To begin at the beginning, scroll all the way down.




“I am defined by where I am from and I don’t recognize it anymore.”                                                                                       ~ Fourth Generation Ashevillian  

According to Michael Rohd, there are three kinds of theatre practice: studio, social, and civic.  Studio may be the most commonly known as it simply a show produced in a theatre for a paying audience.  Social, then, is a show created and produced with a certain community in mind, addressing a perceived need within that community.   Finally, civic practice is going to the community first, listening and understanding a need, and then creating a piece with them to serve that need.  While I love studio practice (and have spent my career up to this point focused on it), the AMC’s mission puts the emphasis on social and civic practice.  The Ballad of Romeo and Juliet (see the next blog) is an example of the former, as I adapted it while still in Chicago with the community of the south and specifically Appalachian North Carolina in mind.  The latter, I now realize, needs a branch of its own.

I recently went to a weekend intensive at Cornerstone Theater, where their practitioners shared the process the company has used and evolved since the mid-eighties to create community-based theatre.   I went because this company has been a major inspiration for the AMC, but I wasn’t entirely sure what specifically I would bring home.  I went in search of tools for community artmaking, but didn’t know which ones or how I would apply them.  I went open to the possibilities and came home wonderfully full.  A part of this is the plan to create the fourth branch.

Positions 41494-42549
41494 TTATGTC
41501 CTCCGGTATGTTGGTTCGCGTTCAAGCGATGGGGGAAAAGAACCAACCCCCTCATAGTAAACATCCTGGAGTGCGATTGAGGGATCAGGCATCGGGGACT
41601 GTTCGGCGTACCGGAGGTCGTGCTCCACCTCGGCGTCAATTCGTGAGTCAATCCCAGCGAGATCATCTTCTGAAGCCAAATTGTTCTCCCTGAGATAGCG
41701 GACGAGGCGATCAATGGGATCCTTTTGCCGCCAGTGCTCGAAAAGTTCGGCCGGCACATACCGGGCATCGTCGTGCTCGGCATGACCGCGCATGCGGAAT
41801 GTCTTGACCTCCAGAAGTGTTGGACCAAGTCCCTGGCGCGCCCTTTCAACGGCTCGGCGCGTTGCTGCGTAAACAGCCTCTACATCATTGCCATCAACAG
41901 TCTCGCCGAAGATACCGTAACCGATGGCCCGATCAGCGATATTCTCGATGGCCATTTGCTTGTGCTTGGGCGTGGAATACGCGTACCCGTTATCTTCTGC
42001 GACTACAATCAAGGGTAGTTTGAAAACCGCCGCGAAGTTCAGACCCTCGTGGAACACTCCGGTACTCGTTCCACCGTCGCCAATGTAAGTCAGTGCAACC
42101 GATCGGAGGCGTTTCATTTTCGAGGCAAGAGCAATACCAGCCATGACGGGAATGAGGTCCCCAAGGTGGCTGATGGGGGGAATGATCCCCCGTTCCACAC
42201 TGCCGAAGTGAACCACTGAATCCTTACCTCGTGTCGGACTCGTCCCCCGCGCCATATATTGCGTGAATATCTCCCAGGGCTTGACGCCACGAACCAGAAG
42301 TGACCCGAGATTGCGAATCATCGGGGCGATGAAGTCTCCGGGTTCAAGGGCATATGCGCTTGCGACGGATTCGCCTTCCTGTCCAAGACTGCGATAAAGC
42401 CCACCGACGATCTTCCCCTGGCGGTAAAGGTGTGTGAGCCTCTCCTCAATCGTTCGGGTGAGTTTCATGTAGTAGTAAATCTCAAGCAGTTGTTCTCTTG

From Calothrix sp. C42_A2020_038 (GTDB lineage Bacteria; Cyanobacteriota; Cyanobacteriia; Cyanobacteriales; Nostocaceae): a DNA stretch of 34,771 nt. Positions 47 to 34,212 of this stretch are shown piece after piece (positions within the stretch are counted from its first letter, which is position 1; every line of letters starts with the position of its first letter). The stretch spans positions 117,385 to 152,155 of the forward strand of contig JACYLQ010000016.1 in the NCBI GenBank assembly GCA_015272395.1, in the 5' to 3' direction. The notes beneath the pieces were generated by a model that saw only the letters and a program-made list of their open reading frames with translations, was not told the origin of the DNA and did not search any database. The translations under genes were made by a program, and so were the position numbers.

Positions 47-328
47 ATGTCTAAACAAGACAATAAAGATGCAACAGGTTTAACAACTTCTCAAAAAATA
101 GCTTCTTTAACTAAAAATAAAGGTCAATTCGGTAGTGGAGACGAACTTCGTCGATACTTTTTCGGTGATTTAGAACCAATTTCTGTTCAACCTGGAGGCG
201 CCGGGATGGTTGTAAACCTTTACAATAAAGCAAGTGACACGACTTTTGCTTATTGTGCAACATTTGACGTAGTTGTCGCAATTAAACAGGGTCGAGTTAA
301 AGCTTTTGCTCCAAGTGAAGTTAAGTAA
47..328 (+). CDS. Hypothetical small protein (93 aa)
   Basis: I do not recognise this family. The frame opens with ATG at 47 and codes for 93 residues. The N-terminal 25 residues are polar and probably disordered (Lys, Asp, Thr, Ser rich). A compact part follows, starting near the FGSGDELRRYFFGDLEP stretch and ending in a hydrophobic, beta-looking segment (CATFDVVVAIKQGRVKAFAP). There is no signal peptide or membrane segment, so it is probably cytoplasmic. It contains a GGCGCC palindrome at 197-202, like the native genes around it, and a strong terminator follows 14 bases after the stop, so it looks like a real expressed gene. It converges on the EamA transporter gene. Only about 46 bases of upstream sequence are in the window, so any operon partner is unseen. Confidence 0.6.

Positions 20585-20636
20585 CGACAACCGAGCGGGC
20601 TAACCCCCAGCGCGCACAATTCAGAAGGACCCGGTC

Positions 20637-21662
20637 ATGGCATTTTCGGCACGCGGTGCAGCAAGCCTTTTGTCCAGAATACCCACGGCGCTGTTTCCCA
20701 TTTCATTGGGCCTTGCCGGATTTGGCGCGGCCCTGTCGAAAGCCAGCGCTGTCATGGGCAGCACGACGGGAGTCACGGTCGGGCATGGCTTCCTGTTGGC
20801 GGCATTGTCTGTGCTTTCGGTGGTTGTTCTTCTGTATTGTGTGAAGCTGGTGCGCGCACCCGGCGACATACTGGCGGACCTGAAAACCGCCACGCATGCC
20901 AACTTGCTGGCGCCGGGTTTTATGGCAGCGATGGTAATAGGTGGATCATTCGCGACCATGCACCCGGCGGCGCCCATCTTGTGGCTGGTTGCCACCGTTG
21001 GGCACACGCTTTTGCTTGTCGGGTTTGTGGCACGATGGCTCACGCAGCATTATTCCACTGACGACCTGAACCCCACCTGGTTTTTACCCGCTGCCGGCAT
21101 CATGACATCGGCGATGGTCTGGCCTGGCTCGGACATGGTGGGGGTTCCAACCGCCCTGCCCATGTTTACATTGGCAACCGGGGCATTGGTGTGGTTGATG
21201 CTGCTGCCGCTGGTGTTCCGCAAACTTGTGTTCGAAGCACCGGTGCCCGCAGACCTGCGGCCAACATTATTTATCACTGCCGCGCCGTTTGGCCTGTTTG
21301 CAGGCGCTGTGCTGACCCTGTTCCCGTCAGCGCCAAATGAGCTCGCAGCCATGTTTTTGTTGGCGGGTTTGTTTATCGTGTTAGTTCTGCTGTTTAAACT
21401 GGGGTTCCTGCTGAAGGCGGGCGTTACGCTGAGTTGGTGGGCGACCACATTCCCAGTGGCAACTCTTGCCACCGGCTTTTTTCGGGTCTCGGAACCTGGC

By this point you’ve probably wondered about the above quote.  When I have found myself talking with folk who have deep Asheville roots, I always ask the same question: how do you feel about the transformation this town has gone through in recent years.  The response is typically that it is a mixed bag, followed by a few reasons for it.  A little while back I had an encounter that began with this same answer, but then the gentleman got quiet and told me that if he had to answer right now, he’d have to say he hates it.  I gently pressed him to tell me why and he said the above words.  Of course, gentrification is a widespread issue across the country, but Asheville’s version has been especially dramatic—so much so that NPR paid a visit and recorded an episode of Going There with Michel Martin entitled When Your Town Gets Hot.  All of this put an idea in my head to create a new American Myth that focused on collecting and performing the history of Asheville’s communities--specifically those whose stories are in danger of being lost.  I want to help give voice and value to the past, while teaching the future.  I want to create a community-based theatrical event that serves Asheville by building a bridge over the widening gap between the what was and what is.

I'm still not entirely sure what form this project will take.  More and more, I'm beginning to sense that Mythville has something to do with it, which would be a departure from a previous idea.  In fact, this blog was previously published on the website with a different intro and concluding paragraph.  A formless hunch evolves.